Twelve couples therapists listed the top five reasons for divorce. One of the therapists explains how we can avoid it.
According to a survey of couples with therapists. Statistically, there have never been more singles. Couple therapists can help us understand what separates people and how to better stay together.
Mette Turms treats couples. She is one of the 12 couple therapists who opened the therapy room door and shared the most common relationship issues. She is sorry we let ourselves be knocked out of love’s gaps:
Divorces are far too common. Many of them could be avoided with the right help, she says.
1. It’s difficult to communicate.
Poor communication. Misunderstandings exist. Statements are misunderstood by the partner. Manipulation and sarcasm are used.
Some are spiritually unfaithful, finding a soulmate other than their physical partner. Others cheat for longer or shorter periods.
You’ve either become too self-reliant and distant, or too parental. You need to connect. It can be mental or physical.
One desires too much or too little. The first is frustrated that the other cannot. Sex unites and divides us.
The small, the big, the gathered, and the unable. Children are a joy, but they can also cause divisions, especially when gathered.
Here are some ideas:
Mette Turms has worked hard on all issues. Here are her tips.
1. If you can’t talk, learn to listen!
Poor communication includes avoidance, silence, and isolation. A person’s body language can also be a form of communication. Many couples use communication to avoid making contact and closeness.
Do not use sarcastic language that disparages the other. The last word, i.e. arguing for one’s own views without listening or learning about the partner’s worldview. Don’t think, feel and be honest.
2. If you’ve been unfaithful, come up with an excuse.
Infidelity usually occurs when one party does not feel heard, understood, or sex. In the event of an affair, you’ll both have to deal with it. Simultaneously, the unfaithful have let down one party. The mismatch is insanely difficult to deal with, but not impossible!
You must allow each other to express yourself loudly. Find out if you both feel the need to rekindle loyalty, closeness, and sex life. If you both want to heal, you must be able to accept that it will take time. The unfaithful party must accept that convincing the other takes time.
3. You lack unity? Find out what you like together.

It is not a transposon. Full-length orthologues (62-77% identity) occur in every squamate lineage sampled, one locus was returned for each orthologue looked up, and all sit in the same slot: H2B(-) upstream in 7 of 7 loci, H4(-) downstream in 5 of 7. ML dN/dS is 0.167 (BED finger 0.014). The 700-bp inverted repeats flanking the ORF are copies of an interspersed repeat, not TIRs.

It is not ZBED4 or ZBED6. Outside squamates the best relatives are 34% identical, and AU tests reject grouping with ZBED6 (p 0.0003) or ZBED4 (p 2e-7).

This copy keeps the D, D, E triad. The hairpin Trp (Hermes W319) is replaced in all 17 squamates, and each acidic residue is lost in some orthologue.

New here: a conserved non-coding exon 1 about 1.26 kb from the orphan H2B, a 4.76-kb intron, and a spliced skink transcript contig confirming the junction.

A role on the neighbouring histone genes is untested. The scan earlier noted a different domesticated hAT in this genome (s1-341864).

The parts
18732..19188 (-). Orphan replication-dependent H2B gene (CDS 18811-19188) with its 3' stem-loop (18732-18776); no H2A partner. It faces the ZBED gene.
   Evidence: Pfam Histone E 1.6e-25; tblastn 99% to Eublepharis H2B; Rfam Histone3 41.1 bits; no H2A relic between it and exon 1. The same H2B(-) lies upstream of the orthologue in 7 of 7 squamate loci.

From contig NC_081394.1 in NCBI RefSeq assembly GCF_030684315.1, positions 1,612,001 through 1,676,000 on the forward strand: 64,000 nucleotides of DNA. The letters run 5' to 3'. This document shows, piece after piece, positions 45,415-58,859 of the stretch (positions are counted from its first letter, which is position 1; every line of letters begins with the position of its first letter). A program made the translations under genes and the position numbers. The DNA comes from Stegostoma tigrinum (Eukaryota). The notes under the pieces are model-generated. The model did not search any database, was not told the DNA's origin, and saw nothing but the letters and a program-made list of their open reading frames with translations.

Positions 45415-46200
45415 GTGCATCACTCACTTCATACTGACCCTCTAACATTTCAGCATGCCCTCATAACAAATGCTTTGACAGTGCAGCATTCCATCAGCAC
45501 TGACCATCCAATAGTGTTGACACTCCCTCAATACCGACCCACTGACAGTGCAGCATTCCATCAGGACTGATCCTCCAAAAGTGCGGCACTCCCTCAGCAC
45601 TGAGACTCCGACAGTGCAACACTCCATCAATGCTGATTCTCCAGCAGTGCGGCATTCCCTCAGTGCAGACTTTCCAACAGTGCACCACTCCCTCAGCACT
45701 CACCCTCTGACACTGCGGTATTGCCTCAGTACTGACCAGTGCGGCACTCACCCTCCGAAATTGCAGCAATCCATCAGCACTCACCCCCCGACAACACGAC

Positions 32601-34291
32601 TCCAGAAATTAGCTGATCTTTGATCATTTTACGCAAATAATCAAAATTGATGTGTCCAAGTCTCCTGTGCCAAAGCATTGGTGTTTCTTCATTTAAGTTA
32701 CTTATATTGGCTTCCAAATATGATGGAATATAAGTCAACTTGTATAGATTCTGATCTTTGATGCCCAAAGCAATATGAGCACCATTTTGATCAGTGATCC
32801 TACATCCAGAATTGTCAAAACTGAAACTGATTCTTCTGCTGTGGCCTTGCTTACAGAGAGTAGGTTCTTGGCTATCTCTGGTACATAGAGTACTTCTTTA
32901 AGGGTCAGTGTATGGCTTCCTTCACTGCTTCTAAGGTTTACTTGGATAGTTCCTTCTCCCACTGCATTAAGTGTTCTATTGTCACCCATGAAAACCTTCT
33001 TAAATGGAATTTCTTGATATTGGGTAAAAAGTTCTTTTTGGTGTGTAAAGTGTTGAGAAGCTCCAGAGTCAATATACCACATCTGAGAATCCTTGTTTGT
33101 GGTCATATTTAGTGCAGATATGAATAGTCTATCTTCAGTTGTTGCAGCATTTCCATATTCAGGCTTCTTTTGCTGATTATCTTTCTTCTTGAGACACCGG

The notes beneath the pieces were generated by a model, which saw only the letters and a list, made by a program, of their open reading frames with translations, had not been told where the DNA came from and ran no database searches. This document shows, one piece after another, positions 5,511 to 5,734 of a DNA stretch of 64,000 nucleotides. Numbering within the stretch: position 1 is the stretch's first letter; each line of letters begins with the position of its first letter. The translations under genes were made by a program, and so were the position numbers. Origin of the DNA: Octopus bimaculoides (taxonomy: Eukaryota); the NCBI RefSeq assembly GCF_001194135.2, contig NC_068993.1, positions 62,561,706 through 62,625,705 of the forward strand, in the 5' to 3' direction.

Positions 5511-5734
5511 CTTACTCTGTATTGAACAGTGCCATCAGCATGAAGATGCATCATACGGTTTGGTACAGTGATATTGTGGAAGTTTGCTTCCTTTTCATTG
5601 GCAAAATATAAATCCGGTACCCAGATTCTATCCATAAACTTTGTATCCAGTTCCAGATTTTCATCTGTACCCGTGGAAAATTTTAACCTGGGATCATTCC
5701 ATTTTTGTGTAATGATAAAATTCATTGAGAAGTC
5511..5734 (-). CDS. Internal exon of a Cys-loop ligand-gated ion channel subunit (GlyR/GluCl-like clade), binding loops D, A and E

Couples are two people. Their lives can become so parallel that they have too few overlaps. They need to reconnect.
You must make time for the other/each other. You must make agreements that YOU OBSERVE. Let go of the ideal relationship and discover what makes you happy. A cup of coffee in the garden or a walk with the dog are more appealing than romantic weekend getaways and expensive restaurants to some. It’s fine if one of you changes interests over time. Frequently, the other party is dissapointed. Let go of anger! So long as the partner is involved, the desire for new experiences is not an opt-out.
4. Absence of sex does not imply absence of desire.
Intimacy – sex life – is vital in most relationships. Love is more than chemistry, but we know that oxytocin, which is released when we are close to another person, is a happy hormone. We do this during sex, which is often mistranslated as intercourse and orgasms.
If sex life is boring, say so! Learn about it together. Put a name to it. It becomes less risky. If both parties want it, a lost sex life always comes back. The way back to each other is often not about penetration, but about overcoming distance. Describe your dreams. Find a common desire. Take your time. If it doesn’t work right away, it doesn’t mean it won’t work later. Closeness and intimacy are better with one than the other. This party must keep trying dialogue and intimacy. Some had parents who couldn’t love. Those children will often feel insecure, distrustful, and misinterpret signals. It’s not just about sex. They don’t want to get into arguments about work, housework, or family obligations. Be gentle with your partner.
5. Children are our most precious possession
Because we now live together, the idea that we are a big family is unrealistic. The conflict between our children’s needs and our partner’s and his children’s needs may seem insoluble, but it requires communication and patience.
Become a family over time. When you move together, expect frustration, insecurity, and even failure. Accept that you don’t “like siblings” just because your parents are lovers. That’s fine. You can’t have it all. In the end, it’s all about compromise. Accept it, but agree on bedtimes and meals before sharing a home. The kids are usually insecure and want to know what others think of them. Tell them you love them and that love comes in many forms. DON’T SAY WHO LOVES WHOM MORE!!